But note first, that with the mounting student loan debt, and the quardrillion in derivative debt above, massive defaults are inevitable- or at least restructuring-and that would not necessarily be a bad thing.
Argentina, Iceland, and Greece have shown the way to default and still survive. But in such a scenario, who losses and who wins?
What will things be like this year?
First Obama is not likely to support more regulation of the banks in an election year. He will likely clam up for some other very good reasons.
See article below for one reason and then I will go into others as well.
Meantime see this video statement by Dimon on the health of JP after getting 25 billion in tax money in 2008-9, promising to "overcome weaknesses" exposed in the 2008 financial meltdown. That promise apparently was not honored and things were not fixed. See the other CEO's of the other giant banks as well, all promising to fix things in 2009. Be sure to see related videos as well.
Makes you laugh and then you cry because the money they are talking about is our money, both the bailout and the losses, were all our money.
Dimon comes on at 33.04 minutes into the meeting. But it is interesting to hear them all state how much of our money they got. This does not even count the separate monies, in trillions, they got from the Federal Reserve--from themselves sitting on the Board of The Federal Reserve. (They all sit on the Board of the Federal Reserve-including Jamie Dimon as well.) They simply vote themselves more money as members of the Federal Reserve.
Self-dealing? You bet. See video.
Here are some real, practical proposals to fix the finance industry. See link below:
What the news papers don't tell you is that the JP Morgan's bad investments are backed by 100 billion in similar shaky investments and the 5 billion now under scrutiny was invested in European corporate bonds, not American companies or their bonds. All this while steadfastly refusing loans to American individuals and American small companies.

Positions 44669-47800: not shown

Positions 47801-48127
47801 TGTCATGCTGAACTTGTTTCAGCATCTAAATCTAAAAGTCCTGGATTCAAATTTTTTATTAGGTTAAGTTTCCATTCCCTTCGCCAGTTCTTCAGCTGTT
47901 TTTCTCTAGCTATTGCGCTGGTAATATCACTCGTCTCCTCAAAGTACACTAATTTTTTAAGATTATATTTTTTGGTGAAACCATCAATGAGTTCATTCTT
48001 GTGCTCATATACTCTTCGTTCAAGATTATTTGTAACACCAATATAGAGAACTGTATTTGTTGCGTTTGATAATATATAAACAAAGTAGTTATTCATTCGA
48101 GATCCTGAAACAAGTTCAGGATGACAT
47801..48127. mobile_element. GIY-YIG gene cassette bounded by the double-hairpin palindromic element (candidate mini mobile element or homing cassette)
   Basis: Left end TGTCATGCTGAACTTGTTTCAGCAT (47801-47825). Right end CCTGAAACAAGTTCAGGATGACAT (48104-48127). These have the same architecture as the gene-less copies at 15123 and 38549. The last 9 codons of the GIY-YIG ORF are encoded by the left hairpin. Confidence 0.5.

This is economic treason and is likely the single greatest reason the American economy has reduced chances for recovery. This money drain by the banks is a root cause. Reverse that and recovery will happen in 18 months.
Meantime, Obama is in the news demanding that Congress implement the regulations in the 2010 bill to regulate the industry.
This is just posturing since full implementation of the provisions in that fanatastically weak bill would do nothing to regulate the quardrillion dollar derivatives market which is where the problem is.
Don't expect much because an army of lobbists from the finance overloads will be all over Washington seeking to weaken an already weak bill.
Nothing will change, unless the American people rise up, if not for any reason other than just get their money back from the greedy and the incompentent.
How this may relate to Europe is indicated below:
For a look at what happens if the Greeks leave the Euro and impacts on us see link below. Click on box and copy will pop up.
See the PBS four videos below on how Wall Street ripped off small town America , pensioners, and small towns in America. JP Morgan is covered here as well.
See Frontline's Investigation of MF Global video broadcast
May 22,2012 See especially episode four.
Is Shareholders vs. Clients the Problem?
JP Morgan has more problems:
First: Employee Lawsuits
New investigation announced. This makes at least five.
Did JP cause the MFGlobal bankruptcy? Some people say so. Here is background on that: